Saturday, December 3, 2022

Waiting in Traffic with Immanuel

It’s been a few days since I’ve written. I set out to write something last night, but before I would even begin to type, I felt my eyes drooping into sleep. . .

As the workdays end, I often feel like I have sufficient energy to tackle the evening with dinner-making, dishing-washing, and (this season) Advent-writing. But then I get into my car and head out on my commute home. By the time I’ve parked on my street, lethargy is seeping in. There are many reasons for this; chronic pain and the early setting sun don’t help. But this being Advent, I began reflecting on the longness of journeys home and the reality that chaos and uncertainty are exhausting. Commuting is essentially an exercise in perseverance (and often long-suffering!). For those two take a train or bus, it can be s fairly passive waiting for movement from point A to point B. Driving, one gets the added disadvantage of contributing to the ebb and flow of with little to no ability to adjust course or speed up.

All I want to do is get home. I don’t want to wait.

How much of life is like that? And how much of Advent is like that? I often find myself wanting to rush through Week 1 of Advent, to get the “waiting” theme over with. While there is rich theology in the exploration of hope and longing, and it’s pretty much the principal motif of this blog, sometimes I just want to “arrive” at the Nativity narrative. It seems a little more ordered, less open for interpretation, yet at the same time ready for deep contemplation.

Writer Laura Jean Truman reflects on this idea of waiting (in traffic). She says,

“Brake lights all the way down. . . I want to reach into this picture and wipe away everything in front of this sunset like ugly doodles on a whiteboard—clean out cars and utility polls with a wet rag and see the sunset that’s all clogged up behind chaos.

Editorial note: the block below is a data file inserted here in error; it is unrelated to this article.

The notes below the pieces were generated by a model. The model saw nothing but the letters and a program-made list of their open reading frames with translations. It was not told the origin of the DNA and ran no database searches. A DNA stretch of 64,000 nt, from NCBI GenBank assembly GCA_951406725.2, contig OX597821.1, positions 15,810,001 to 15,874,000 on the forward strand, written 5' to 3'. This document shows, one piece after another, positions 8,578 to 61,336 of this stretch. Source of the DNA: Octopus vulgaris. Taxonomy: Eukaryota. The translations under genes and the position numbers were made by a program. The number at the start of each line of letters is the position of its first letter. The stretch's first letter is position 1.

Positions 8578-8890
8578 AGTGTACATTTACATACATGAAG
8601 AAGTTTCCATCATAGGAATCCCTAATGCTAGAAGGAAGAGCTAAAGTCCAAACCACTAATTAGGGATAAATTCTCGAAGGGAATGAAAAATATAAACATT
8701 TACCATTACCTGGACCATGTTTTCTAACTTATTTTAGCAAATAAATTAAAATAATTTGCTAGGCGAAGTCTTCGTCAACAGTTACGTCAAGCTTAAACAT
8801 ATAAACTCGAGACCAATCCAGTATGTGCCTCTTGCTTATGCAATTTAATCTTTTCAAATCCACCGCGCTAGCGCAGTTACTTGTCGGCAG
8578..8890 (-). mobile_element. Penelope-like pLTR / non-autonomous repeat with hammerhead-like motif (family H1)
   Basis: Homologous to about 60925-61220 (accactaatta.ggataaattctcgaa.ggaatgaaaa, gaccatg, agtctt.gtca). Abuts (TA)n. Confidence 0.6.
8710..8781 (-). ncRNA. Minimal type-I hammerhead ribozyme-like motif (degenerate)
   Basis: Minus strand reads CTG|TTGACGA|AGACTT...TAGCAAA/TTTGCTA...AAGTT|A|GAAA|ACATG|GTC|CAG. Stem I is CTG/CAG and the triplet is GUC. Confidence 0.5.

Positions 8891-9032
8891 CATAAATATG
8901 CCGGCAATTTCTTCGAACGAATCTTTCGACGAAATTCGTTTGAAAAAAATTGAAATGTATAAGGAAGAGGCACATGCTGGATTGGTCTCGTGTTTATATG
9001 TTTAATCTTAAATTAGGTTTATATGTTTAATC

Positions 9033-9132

Instead, here we are in Christmas traffic, vibrating with bad news and family drama and fears for ourselves, our neighbors, and our earth.

I used to try to make holy and tidy Advent seasons, to wipe away everything unpleasant or ugly or too-human.

But if God was born in a garage during tax season on a roadtrip—maybe the work of Advent isn’t trying (uselessly) to wipe away everything chaotic. Maybe Advent is crying in the walk-in closet - wondering if Mary cried, too, that she had her first baby so far from home and family and friends. Maybe it’s showing up imperfectly, reminding ourselves that if something is worth doing it’s worth doing poorly, tending gently to our shame - wondering if Joseph felt shame, too, about inadequacies and imperfections as a dad raising this Messiah.

Advent isn’t for the ones who have succeed in wiping chaos away. The good news of Advent is “this too shall pass”. . . We are the weary world that isn’t rejoicing yet. Advent is for us. We are the people walking in darkness who don’t even believe we’ll see light. Advent is for us.

Advent honors the ugly and chaotic, and doesn’t tell us to pretend it’s OK when it’s not. Advent doesn’t say “act hopeful!” Advent doesn’t tell us to stop crying.

Advent whispers:
whether you feel hope or fear,
whether you wait patiently or anxiously,
whether you’re trudging forward or gave up and sat down on the path,  
the good news is that God comes anyway—right in the ugly. Right in the mess.”
I’ve never felt like my practice of Advent writing has shied away from the messiness of life, but this year it’s been really hard to focus. It feels a little bit like being in a traffic jam.

Jesus didn’t have to deal with cars during his time on Earth, but he did do his fair share of traveling (even with caravans as a small child). And He never declared those journeys as lost time. Maybe a part of His divine nature wished He could move through time and space in the blink of an eye, but as a human, he was humbly walking under the Father’s lead. And in God’s economy, nothing is wasted.

If we’ve learning anything from Scripture it’s that God uses any and all thing for His glory and our good. It’s on the journeys that we learn unexpected lessons. Some journeys take longer than others. Some feel more full of chaos. But the good news is that Jesus is there, right alongside us. Immanuel, God with us.

No comments:

Post a Comment

Note: Only a member of this blog may post a comment.